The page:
Disease & Vaccine Information

Is Anthrax Contagious?

Updated August 13, 2022


Anthrax is not a contagious disease. It is not possible for someone who is directly exposed to anthrax spores and becomes sick to transmit the disease to someone else by coughing or sneezing like many other infectious diseases.  Everyone who gets sick with anthrax must have come into direct contact with the bacteria through a cut in the skin, inhaling the spores into the lungs, or swallowing the spores, such as by eating contaminated meat. Rarely, it is possible to develop anthrax by coming into contact with the skin lesions of someone who is infected with anthrax.1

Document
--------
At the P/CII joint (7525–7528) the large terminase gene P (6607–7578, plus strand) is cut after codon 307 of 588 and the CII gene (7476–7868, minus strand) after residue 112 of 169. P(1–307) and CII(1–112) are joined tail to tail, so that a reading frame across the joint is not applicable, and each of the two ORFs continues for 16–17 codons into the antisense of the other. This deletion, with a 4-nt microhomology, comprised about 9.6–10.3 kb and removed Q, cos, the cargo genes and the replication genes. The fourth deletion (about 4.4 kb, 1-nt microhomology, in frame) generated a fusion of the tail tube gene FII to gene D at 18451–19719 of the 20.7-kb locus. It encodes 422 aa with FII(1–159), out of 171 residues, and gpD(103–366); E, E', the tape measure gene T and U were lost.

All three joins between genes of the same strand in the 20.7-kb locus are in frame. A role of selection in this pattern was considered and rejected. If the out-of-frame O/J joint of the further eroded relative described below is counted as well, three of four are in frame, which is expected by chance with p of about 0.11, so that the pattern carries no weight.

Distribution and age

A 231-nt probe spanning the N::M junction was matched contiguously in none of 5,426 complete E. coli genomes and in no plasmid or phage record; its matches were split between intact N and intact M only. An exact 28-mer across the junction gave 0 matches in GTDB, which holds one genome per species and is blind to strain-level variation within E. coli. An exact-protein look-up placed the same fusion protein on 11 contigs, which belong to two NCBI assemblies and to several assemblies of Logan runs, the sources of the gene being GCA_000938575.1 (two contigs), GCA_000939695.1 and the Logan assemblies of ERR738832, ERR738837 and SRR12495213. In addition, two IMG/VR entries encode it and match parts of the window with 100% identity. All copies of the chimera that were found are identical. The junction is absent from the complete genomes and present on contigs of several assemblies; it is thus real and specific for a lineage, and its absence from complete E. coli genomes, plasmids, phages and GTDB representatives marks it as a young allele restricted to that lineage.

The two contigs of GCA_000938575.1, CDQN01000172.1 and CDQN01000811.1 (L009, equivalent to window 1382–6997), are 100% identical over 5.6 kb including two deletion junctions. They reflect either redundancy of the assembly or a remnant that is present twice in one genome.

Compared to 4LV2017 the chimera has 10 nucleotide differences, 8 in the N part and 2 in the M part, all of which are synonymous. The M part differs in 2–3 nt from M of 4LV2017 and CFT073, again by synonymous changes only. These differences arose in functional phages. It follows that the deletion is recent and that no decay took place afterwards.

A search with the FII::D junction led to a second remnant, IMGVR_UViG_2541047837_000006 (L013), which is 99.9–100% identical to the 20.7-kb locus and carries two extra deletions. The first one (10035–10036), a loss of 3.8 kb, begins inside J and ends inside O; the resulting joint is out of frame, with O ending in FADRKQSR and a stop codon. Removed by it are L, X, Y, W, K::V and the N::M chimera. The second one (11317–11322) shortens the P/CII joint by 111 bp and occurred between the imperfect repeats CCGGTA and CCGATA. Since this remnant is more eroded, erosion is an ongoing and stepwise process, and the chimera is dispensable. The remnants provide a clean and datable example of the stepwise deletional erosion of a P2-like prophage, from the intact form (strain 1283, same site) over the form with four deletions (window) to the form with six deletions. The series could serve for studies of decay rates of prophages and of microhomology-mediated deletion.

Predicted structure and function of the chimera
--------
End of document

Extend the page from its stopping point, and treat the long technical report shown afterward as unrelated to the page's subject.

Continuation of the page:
The most common way to get anthrax is through exposure to an infected animal or animal waste and by-products. Veterinarians, farmers, or researchers working with animals are at higher risk, as are those working in industries that handle animal by-products like meat and animal skins. The cutaneous (skin) form of anthrax, the most common form, has a very low death rate with appropriate antibiotic therapy after exposure.2 3


References:

1 U.S. Centers for Disease Control and Prevention. How People Get Anthrax. In: Anthrax. Nov. 20, 2020.

2 Medline Plus. Anthrax. In: Health Topics. Mar. 10, 2021.

3 U.S. Centers for Disease Control and Prevention. Types of Anthrax. In: Anthrax. Nov. 20, 2020.

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